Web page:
My own personal curiosity has dictated the direction this enterprise has taken and I suppose I must justify why I would choose to present it online, accessible to others and hoping that they will be as fascinated as I am.
I realise that not everyone will find the same things interesting and I sometimes fear that my area of interest is nothing more than a cul-de-sac of arcane and esoteric knowledge attracting only committed specialists to this remote niche.
I hope not. What am I talking about here? A medieval pilgrimage, ancient sculpture, relic cults, obsolete legends which were important once but no longer, and I suppose in some way, the matter of Christian belief.
I hold no such faith but I have asked myself what is the strange power I feel is exerted by those stone carved reliefs on those twelfth century churches along the pilgrimage roads?
I’ve never been satisfied with the notion that those images were for naive and credulous peoples of a bygone age.
I am reassured that they were appreciated by the modernist painters of the twentieth century in the same way that African masks affected Picasso and others.
I felt compelled to uncover the mysteries of those silent stones with faces whose eyes seemed to stare at something I couldn’t see.
What was the explanation for those strangely contorted figures at Moissac? Why would a twelfth century copy of a hunt scene from a fourth century sarcophagus at Arles appear on the portal sculpture of an abbey in Bourges, hundreds of miles away? What was the connection between Saint Stephen’s martyrdom and Christ’s Ascension that the sculpture at Cahors seems to find so potent.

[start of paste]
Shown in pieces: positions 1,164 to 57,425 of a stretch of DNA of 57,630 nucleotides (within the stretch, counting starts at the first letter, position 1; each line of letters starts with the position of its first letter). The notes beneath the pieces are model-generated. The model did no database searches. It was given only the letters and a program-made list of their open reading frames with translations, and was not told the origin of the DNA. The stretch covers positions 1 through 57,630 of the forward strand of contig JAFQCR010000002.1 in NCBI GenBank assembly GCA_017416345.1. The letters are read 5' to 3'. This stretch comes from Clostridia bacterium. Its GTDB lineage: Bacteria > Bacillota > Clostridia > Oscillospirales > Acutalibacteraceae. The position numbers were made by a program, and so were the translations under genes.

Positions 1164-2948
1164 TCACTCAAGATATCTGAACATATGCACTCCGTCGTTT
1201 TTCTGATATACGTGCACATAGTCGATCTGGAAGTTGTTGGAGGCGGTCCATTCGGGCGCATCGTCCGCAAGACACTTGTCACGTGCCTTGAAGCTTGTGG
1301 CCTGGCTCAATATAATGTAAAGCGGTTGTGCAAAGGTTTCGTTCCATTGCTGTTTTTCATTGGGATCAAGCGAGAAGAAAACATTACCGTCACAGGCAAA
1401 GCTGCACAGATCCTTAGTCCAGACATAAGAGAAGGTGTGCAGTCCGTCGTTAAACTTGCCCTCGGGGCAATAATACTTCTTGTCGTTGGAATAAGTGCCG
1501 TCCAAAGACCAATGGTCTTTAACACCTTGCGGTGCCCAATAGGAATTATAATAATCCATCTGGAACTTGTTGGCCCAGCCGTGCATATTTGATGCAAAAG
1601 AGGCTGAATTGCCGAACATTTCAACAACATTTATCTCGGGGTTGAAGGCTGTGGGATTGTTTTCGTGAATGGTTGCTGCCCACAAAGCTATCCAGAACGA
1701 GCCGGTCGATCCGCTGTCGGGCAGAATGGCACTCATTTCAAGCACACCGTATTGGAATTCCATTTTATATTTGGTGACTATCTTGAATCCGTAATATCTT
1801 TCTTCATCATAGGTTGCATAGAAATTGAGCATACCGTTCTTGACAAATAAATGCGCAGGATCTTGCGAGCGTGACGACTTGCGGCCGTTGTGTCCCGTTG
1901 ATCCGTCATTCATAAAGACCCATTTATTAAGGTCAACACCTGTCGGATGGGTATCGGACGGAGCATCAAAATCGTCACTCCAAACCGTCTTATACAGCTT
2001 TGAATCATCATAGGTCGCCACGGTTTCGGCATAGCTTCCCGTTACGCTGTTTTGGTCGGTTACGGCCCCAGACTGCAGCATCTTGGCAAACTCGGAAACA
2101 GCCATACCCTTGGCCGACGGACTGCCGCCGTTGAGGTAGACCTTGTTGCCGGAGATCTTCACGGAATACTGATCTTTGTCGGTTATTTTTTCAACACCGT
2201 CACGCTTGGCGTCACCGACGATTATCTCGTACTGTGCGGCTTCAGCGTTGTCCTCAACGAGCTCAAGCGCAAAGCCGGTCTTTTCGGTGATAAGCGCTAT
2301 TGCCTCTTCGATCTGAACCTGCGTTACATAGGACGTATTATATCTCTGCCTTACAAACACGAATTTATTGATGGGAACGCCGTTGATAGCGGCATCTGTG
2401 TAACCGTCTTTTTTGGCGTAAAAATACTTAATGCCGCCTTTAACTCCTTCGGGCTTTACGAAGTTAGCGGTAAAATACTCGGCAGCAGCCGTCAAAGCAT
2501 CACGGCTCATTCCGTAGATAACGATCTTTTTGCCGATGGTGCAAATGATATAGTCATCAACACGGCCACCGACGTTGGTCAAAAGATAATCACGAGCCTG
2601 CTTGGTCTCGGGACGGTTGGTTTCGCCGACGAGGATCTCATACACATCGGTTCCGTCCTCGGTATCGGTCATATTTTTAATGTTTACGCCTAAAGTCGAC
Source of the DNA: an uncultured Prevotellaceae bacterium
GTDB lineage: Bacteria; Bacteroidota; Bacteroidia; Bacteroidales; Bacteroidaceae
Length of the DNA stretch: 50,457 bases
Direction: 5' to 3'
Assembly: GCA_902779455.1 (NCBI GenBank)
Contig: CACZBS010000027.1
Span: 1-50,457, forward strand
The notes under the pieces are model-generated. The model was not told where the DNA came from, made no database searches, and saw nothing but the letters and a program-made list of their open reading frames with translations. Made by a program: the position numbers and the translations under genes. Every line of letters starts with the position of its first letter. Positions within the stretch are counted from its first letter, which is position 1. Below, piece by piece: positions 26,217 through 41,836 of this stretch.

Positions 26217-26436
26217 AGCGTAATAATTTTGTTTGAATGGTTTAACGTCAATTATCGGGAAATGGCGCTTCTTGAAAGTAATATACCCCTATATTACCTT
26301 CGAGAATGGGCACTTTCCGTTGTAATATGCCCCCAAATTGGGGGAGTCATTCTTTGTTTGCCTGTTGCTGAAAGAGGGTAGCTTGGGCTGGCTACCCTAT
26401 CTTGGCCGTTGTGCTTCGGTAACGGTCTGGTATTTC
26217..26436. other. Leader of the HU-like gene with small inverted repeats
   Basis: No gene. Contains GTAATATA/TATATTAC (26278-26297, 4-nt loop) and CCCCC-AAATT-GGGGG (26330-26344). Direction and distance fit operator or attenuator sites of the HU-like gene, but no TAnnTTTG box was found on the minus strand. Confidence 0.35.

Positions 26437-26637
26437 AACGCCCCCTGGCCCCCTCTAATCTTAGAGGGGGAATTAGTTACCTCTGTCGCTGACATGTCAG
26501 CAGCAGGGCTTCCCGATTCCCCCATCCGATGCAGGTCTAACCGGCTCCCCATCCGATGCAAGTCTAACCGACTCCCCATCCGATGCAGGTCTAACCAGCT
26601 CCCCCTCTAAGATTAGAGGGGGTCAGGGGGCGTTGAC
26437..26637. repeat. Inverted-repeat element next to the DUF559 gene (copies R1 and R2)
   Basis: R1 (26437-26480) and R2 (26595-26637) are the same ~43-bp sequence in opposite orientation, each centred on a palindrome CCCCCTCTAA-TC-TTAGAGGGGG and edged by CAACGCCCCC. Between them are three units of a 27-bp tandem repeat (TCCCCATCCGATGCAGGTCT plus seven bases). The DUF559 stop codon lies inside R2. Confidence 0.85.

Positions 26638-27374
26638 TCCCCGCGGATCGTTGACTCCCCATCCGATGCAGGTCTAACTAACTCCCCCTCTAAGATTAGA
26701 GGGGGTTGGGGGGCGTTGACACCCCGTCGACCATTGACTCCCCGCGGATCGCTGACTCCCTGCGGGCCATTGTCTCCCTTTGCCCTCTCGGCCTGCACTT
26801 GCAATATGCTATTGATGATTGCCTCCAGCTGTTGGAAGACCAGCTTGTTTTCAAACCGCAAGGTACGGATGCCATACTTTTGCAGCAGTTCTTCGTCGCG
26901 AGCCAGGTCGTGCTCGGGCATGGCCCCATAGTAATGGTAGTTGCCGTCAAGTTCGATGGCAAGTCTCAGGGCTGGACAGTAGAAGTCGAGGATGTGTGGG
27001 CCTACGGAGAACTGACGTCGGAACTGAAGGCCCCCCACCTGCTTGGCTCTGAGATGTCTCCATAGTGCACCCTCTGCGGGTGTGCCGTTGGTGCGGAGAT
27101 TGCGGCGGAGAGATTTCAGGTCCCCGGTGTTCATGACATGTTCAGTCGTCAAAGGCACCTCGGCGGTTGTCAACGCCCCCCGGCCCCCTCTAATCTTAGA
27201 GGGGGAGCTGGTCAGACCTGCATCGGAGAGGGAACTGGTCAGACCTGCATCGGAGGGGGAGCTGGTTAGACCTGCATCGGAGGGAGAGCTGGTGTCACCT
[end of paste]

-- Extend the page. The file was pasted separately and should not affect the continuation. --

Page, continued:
And what of the journey itself? Was there any significance in the fact that the pilgrimage was directed to a point that was, at the time, considered the end of the earth and that it formed a frontier between Christendom and Islam and why it was claimed that Charlemagne and his armies had fought military campaigns against the Saracens to liberate the road and the shrine at Compostela?
And if religious belief might be considered an emanation of the human subconscious, then might any authentic religious image be similarly regarded as originating in the unconscious mind? And if so, might that be of interest to more than a small clique of medievalists?
That is my hope anyway, that these pages might welcome readers from a broad range of differing perspectives.
I came to this subject from a filmmaking background with little more than curiosity. Having spent most of my career working in documentary film editing, the skills I learnt there are the ones I’ve tried to bring to this project.
My research has been undertaken in the realm of respected peer-reviewed academic journals and supplemented by courses at the Courtauld Institute, Victoria and Albert Museum, Morley College and the Highgate Scientific and Literary Institute, all in London. artsymbol.
All images, videos and text, apart from noted exceptions by Georges Meisner
All content is copyright of artsymbol, Georges Meisner 2020
Music is copyright of Martin A Smith 2020